• However, due to observed bleeding complications in a minority of procedures an even higher initial bolus dose of 120-180 mg/kg have been proposed. After 2 days the dosage interval may be increased to 3, 4 the 6 h on days 3, 5, and 8 respectively, and continued until discharge.

  • Pretreatment with 90 mg/kg is recommended before each physical therapy session.

  • In case of unexpected peri- or postoperative bleeding episodes using bypassing agents, one should increase the dose of already initiated treatment agent to maximum dose for rFVIIa (up to 270 mg/kg) or aPCC (200 IU/kg/d).

  • If hemostasis is not achieved, rapidly implement an alternative bypassing agent, as in unresponsive severe bleeding episodes.

  • If monotherapy with either bypassing agent at maximum doses is ineffective, sequential or concomitant treatment with both bypassing agents may be considered for salvage treatment.


APCC and recombinant activated factor VII (rFVIIa, NovoSeven®) are the treatment of choice in patients where the inhibitor level exceeds 5 BU/mL. For dosage see Table 1 .

3 Emicizumab, Hemlibra®

  • Emicizumab is a humanized monoclonal antibody that bridges activated factor IX (FIXa) and FX and replaces the function of activated FVIII [11].

  • Emicizumab was approved by the United States Food and Drug Administration in 2017 and the European Medicines Agency in 2018, for prophylaxis in PWH with or without FVIII inhibitors.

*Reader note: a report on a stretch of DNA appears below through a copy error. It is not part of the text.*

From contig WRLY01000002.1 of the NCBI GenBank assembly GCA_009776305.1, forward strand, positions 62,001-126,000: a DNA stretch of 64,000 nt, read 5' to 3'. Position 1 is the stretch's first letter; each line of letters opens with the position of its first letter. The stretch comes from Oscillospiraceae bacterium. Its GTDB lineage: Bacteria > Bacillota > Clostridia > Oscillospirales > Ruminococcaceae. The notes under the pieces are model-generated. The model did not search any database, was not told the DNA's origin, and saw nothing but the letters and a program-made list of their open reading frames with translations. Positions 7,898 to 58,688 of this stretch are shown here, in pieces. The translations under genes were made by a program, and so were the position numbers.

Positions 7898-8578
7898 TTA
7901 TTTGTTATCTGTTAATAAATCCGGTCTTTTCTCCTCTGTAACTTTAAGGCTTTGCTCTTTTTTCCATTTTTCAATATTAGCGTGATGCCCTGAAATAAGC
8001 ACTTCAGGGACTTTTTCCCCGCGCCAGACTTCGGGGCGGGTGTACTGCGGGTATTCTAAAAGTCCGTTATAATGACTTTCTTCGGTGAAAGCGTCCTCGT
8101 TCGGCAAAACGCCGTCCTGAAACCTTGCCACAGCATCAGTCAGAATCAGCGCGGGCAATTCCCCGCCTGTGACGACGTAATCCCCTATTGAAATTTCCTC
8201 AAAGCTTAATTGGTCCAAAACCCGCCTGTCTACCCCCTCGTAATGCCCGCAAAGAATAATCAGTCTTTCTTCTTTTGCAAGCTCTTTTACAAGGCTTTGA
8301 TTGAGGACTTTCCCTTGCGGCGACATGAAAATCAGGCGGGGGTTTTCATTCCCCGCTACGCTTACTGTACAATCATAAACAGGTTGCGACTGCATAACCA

• Although emicizumab prophylaxis has been shown to be highly efficient in preventing spontaneous bleeds [12], patients may require additional administration of bypassing agents (BPAs) or clotting factors to control bleeding and during surgery.

  • The scarcity of published reports of surgery in patients treated with emicizumab and the occurrence of thrombotic events following cumulative doses of aPCC in the HAVEN 1 emicizumab trial (thrombotic microangiopathy and thrombosis reported in two participants each who had received multiple infusions of aPCC for breakthrough bleeding) (>100IU/kg/24 h) [12] have led to recommendations from the United Kingdom Haemophilia Centres Doctors’ Organisation (UKHCDO) [13].

  • However, recommendations how to mitigate risks are given, like those present in a recent review of the literature by an international expert group with practical recommendations [14]. This review lists experiences from 10 major surgeries all of which were arthroplasties, as well as from 25 minor surgeries including 15 central venous catheter device insertion/replacement/removal, 4 circumcisions and 6 dental procedures.

  • Since then, additional reports have been published, such as a single center American report describing results from 20 minor and 5 major surgeries performed in 17 and 5 patients, respectively [15]. In all major and in 15 minor surgeries additional coagulation factor therapy was given and there were no major bleeds, thrombotic events, or deaths.

  • In addition, a report published in 2021 describes the results from a questionnaire sent to 144 hemophilia treatment centers (HTC) in 21 European countries. In this study, results from a total of 52 inhibitor positive patients underwent surgery (17 major and 45 minor) while on emicizumab.

    • Major surgeries were mainly covered with rFVIIa by 93.3% of HTCs (n = 14), while 6.7% (n = 1) preferably managed them with emicizumab alone.